3. Regenerative Agriculture Is The Fastest Growing Claim In CPG

Let me explain the image above:

  • Text like “organic,” “humane,” “regenerative agriculture,” etc. are all various claims being attached to CPG products.
  • Horizontal axis: showing the number of times the claims are being made in the market (how many products are claimed “organic,” “humane,” “regenerative agriculture,” etc. - organic far and away the leader) 
  • Vertical axis: showing the growth in new claims being made by type (how many products are showing up with NEW claims for “organic,” “humane,” “regenerative agriculture,” etc. - regenerative agriculture claims are growing FASTER than any other one listed on this graph)
  • Circles by claims: The current sales numbers associated with that claim (the current market for that claim based on sales data - “organic” is huge and “regenerative agriculture” is tiny


4. Sales From Regenerative Products Are Still Small

Main takeaways: Regenerative agriculture claims are growing extremely fast, but the current market for those products is still very small. A huge opportunity for growth but a challenge in terms of visibility, availability, and consumer awareness.

Time, education, and successful brand + retailer execution are needed to get that circle bigger.


5. There Is Opportunity With At Least 88% of Consumers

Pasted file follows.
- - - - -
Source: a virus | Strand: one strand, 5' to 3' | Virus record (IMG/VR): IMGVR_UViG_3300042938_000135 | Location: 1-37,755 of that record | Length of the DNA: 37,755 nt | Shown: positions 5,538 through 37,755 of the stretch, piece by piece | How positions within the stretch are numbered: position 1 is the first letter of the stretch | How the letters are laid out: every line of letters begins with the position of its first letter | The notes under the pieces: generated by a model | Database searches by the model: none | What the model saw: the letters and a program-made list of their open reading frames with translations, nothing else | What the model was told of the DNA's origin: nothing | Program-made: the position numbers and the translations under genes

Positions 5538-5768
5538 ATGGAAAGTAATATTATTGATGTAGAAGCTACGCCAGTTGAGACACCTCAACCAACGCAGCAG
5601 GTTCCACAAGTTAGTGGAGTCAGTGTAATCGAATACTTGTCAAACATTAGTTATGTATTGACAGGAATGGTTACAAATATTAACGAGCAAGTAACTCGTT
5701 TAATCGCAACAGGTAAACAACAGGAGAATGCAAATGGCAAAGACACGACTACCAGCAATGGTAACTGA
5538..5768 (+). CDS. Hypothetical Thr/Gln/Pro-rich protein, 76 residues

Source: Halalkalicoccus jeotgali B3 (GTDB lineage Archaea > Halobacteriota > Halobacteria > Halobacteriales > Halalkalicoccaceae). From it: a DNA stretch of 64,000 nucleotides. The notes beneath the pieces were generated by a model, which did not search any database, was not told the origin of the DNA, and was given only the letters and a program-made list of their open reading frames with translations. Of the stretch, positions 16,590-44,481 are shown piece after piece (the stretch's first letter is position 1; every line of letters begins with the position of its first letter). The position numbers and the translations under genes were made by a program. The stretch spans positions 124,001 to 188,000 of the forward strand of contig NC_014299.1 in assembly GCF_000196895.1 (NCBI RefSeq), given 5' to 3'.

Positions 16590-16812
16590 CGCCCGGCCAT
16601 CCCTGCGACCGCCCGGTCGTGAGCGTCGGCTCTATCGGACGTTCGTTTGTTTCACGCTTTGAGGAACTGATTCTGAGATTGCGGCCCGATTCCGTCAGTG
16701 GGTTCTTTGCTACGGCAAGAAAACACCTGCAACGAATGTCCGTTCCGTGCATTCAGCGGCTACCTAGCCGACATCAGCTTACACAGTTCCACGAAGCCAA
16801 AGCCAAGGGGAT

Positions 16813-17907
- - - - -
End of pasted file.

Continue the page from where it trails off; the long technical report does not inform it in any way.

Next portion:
What does a recipe for opportunity look like?

When 16% of consumers have already tried something in the category, 54% are willing to try something, and 18% haven’t even heard of it.

There is a HUMONGOUS white space for brands to “strike while the iron is hot” and drive trial of regenerative products with consumers while the phrase is relatively nascent but growing rapidly. 

⬇️ Me at the store when I see my favorite regenerative brands seizing this opportunity 😂


6. Regenerative Can Drive Higher Repurchase

“Environmental, social, and governance (ESG) investing is used to screen investments based on corporate policies and to encourage companies to act responsibly” (Investopedia) Regardless of ESG currently being weaponized by politicians, it should represent a transition to a future investing paradigm that takes into account factors beyond just financial success. Regenerative brands should, in theory, be extremely well situated to score high ESG scores and take advantage of all the “responsible” work they're doing. This is more theory than reality right now, especially for early-stage brands with limited exposure to institutional investors.